WIDE bid-ask spreads on ITM options

Discussion in 'Options' started by Trader13, Aug 19, 2005.

  1. Trader13


    A question for current and former options market-makers (MM): Why such wide bid-ask spreads on ITM options? For example, let's say two strikes in-the-money with two months until expiration. For stocks under $50, I've noticed spreads tend to be 15 to 20 cents, and 20 cents and higher for stocks between $50 and $100.

    With penny spreads on the underlying stocks, I would think that MMs could immediately hedge with stock to offset their ITM option position, and handle this transaction very efficiently without demanding a large spread on the option. In this case, low volume and low open interest on the ITM option should not matter much, since they are hedging with stock and relying on the liquidity of the underlying.

    Do MMs hedge with stock BEFORE they accept your option order (so they know with certainty that they can acquire the stock), or do they hedge after they process your option trade?

    Could the high delta on the ITM option create a risk for the MM that the underlying will make a really fast move before they hedge? Is this risk the reason for the wide bid-ask spread?

    Any insights appreciated. I'm just speculating! (bad pun)
  2. ==============
    Spread is based on option premium/stock vol more so than stock price;
    and its almost always true in any business,
    for sure in any option,low or medium volume = higher processing cost

    Spreads have come down ''lots'' over the years:cool:
  3. Pabst


    Couple of reasons. Unless the stock IS liquid, there's substantial risk on an ITM hedge. One hundred contracts is 10,000 shares of stock. Obviously no prob in MSFT, but could be an issue, even with a dime edge, in something that whips. I've traded a bit of OIH lately and the options can suck, but then again the ETF spreads out 6 cents wide all the time.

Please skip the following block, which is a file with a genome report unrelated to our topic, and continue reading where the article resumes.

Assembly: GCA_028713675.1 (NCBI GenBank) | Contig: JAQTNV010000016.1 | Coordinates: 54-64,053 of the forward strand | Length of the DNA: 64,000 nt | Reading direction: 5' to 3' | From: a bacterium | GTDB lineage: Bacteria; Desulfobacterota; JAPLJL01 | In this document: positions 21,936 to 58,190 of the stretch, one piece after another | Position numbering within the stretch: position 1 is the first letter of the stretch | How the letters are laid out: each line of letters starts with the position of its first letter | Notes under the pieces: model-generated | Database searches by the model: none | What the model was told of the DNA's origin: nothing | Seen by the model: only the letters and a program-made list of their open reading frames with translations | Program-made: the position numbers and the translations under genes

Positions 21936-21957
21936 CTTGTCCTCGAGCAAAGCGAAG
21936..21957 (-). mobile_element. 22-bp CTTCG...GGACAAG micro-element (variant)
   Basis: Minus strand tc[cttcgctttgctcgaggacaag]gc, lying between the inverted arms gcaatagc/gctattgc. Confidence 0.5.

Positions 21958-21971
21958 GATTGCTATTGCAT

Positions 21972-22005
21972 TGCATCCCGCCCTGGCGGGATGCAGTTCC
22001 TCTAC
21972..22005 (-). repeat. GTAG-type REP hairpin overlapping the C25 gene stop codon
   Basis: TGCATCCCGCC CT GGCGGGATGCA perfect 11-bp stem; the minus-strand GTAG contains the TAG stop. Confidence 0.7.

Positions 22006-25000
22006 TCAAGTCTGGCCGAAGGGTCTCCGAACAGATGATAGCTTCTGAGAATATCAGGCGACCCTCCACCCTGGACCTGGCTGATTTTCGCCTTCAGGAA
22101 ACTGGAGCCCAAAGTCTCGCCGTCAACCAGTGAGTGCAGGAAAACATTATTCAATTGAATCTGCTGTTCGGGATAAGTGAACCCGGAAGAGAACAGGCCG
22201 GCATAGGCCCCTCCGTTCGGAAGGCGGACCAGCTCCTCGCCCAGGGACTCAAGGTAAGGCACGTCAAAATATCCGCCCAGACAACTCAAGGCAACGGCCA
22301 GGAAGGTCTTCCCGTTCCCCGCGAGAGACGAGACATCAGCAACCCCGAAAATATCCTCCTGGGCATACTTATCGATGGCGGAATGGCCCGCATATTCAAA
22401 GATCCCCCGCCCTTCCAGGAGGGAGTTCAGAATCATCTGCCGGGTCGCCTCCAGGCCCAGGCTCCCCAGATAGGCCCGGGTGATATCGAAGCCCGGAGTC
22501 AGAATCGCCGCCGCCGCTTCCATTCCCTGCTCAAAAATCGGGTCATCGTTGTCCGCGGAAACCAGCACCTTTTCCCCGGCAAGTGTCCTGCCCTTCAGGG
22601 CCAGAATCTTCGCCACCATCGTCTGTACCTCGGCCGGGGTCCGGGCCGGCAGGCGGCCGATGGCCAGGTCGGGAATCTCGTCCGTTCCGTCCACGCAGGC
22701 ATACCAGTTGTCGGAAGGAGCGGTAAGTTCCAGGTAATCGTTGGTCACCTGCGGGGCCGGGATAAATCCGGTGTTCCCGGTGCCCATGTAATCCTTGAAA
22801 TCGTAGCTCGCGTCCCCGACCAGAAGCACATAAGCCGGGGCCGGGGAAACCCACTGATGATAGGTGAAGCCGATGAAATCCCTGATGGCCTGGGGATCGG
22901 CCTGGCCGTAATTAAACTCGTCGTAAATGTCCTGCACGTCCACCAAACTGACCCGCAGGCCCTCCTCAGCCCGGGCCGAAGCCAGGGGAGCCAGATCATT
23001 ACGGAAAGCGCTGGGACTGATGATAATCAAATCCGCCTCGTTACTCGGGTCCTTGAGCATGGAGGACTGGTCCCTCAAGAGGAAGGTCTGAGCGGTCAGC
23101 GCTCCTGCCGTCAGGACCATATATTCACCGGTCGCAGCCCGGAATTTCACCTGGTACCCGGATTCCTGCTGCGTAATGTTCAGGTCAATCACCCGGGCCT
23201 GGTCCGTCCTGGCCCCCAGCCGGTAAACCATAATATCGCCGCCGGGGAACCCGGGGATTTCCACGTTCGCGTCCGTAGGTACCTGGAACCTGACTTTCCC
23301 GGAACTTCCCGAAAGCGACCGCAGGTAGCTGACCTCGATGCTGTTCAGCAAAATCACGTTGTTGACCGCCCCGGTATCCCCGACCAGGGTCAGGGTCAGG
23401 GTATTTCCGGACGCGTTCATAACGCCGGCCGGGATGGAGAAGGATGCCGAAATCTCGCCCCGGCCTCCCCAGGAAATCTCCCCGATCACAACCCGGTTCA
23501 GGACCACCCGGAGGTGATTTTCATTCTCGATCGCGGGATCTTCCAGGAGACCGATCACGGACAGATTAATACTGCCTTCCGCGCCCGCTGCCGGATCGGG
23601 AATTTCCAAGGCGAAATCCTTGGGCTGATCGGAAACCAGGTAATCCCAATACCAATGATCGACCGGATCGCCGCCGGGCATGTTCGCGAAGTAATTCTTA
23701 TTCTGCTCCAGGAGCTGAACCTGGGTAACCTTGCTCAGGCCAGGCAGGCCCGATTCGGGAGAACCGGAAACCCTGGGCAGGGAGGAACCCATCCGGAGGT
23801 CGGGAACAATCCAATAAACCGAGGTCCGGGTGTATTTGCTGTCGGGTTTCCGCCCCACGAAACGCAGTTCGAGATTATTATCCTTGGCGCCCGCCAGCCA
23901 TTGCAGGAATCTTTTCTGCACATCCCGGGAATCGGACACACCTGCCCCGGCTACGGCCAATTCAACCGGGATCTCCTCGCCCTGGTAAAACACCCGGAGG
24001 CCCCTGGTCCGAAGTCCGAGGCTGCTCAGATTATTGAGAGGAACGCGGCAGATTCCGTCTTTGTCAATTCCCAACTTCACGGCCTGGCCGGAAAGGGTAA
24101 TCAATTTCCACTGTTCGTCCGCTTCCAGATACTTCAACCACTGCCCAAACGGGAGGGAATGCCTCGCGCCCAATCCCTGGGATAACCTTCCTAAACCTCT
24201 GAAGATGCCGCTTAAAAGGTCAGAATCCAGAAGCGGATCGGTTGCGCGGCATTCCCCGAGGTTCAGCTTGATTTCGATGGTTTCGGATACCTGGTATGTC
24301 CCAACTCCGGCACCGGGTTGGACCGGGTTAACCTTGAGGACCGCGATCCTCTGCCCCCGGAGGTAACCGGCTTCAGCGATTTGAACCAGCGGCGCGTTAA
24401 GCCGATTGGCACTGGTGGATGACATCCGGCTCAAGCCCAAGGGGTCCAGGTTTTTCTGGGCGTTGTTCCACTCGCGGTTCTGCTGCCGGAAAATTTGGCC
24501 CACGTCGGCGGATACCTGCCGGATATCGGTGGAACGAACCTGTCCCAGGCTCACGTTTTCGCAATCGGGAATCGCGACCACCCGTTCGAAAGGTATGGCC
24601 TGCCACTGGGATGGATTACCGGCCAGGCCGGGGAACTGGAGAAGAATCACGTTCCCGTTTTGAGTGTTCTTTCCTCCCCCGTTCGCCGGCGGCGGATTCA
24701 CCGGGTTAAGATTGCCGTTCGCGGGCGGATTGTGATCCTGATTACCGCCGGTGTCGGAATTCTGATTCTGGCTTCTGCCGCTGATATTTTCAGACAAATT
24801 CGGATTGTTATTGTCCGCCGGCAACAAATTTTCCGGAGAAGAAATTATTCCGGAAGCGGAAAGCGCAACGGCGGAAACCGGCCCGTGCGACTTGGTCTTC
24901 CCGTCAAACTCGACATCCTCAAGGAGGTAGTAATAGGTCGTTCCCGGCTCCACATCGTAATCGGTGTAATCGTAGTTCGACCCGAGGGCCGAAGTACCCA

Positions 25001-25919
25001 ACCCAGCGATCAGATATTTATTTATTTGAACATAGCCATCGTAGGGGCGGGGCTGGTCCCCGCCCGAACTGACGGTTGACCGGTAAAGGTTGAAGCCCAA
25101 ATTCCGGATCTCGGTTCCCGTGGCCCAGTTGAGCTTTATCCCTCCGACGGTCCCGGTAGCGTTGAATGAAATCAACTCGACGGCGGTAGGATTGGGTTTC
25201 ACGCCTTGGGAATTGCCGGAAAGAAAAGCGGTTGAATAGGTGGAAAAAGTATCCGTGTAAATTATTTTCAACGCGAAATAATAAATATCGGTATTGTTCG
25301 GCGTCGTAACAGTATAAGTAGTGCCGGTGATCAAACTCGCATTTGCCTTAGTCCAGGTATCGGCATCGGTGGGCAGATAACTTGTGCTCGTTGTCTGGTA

Secondly: ITM's don't trade much. Thus, a lot of the MM activity is bots. Not much incentive for a real live trader to sit there changing markets all day so he can trade 15 cars during an entire session. The auto quote programs are generally set to be 20 wide in an illiquid stock, or even in a big name cap, if more than a couple of months out. Also keep in mind, higher priced options (over $3.00) have a minimum fluctuation of a dime.

    The hedging is done AFTER the options trade, and more and more, by a bot as well.
  4. Does an alarm sound at the MM's station when an inactive option series starts getting activity, to wake someone up? I was the first to buy OVRL Nov 10 puts on Friday, and as soon as I got filled, the price on the Nov's jumped, and soon after that the price on the Sep's jumped even more, and what had been a .30 difference between corresponding options in those months soon went down to .10. This was all after the underlying had done its high-volume pop; it was working its way down at lower volume. It's as if the MM woke up and said, "Hey, maybe I need to increase the IV here."